A protein was considered identified if it had a minimum of 2 peptides with a Mowse score ≥20. For proteins identified from <2 peptides with Mowse scores >20, peptide fragment spectra were evaluated manually to accept or reject the identification.
TOTAL PROTEIN CONTENT
Particles were collected from 300 L of exhaled air. The amount of total protein in the sample was 100 ng, i.e., 0.33 ng of PEx per liter of exhaled air. The total mass of particles calculated for this sample was 440 ng, which corresponds to a protein content of 23% in PEx. This result is in agreement with the 10% protein content of surfactant previously reported (3). The result from the analysis of total protein content was used to estimate the total protein content in the 2 samples used for protein characterization, according to the volumes of air sampled.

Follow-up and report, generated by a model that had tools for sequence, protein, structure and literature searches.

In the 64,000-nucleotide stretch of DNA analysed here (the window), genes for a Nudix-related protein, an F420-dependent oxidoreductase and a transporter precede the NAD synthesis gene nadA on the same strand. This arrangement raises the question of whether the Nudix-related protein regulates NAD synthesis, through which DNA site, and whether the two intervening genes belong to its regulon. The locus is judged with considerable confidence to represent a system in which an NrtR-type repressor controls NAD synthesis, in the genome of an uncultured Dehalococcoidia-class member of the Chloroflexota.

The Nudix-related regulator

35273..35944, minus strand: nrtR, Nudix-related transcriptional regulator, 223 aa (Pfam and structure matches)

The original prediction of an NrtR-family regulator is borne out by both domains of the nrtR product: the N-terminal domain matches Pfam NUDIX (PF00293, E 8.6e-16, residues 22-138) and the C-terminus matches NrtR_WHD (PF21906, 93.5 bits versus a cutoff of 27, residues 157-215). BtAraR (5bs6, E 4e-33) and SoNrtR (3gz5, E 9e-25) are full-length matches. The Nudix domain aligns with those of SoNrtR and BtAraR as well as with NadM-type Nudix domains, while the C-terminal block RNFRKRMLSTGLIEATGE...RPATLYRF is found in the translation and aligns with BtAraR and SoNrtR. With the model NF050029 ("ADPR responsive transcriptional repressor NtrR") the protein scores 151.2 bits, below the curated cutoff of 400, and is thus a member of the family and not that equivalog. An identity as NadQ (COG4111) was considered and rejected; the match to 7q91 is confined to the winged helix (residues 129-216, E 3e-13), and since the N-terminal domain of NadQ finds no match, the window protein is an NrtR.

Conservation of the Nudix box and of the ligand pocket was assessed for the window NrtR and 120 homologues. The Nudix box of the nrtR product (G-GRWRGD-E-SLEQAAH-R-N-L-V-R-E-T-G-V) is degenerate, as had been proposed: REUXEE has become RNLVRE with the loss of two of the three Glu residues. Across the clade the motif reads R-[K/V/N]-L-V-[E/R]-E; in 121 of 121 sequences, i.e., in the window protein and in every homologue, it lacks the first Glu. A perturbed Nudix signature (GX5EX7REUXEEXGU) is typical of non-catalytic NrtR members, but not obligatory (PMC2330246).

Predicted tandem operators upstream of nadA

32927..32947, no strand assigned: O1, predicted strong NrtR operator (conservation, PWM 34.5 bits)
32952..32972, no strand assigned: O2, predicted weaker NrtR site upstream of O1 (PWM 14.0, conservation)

We identified 124 proteins in the 2 PEx samples, 103 (83%) of which have previously been identified in BAL (5, 6). The first sample was collected from 3000 L of exhaled air containing approximately 1 μg total protein; the second sample obtained from 4400 L of exhaled air contained approximately 1.5 μg total protein. We identified 32 proteins in the first sample and 116 in the second sample, with 24 of the proteins being shared by the 2 samples. Among the shared proteins were some of the most prominent blood and BAL proteins: albumin, serotransferrin, surfactant protein A (SP-A), α1-antitrypsin, and immunoglobulins (13). Table 1 lists the identified proteins.
The proteins were sorted according to their cellular component annotations in ProteinCenter™, a Web-based data-interpretation tool (Proxeon). Many of the identified proteins were associated with multiple cellular locations (Table 2), with extracellular proteins constituting the largest group. Ninety-eight (79%) of the 124 identified proteins were annotated as extracellular. Cytoplasm and membrane were other abundantly represented cellular locations, accounting for 63% and 48%, respectively, of the identified proteins. Many of the cytoplasmic and membrane proteins were additionally annotated as extracellular proteins, specifically 74% of the cytoplasmic proteins and 75% of the membrane proteins.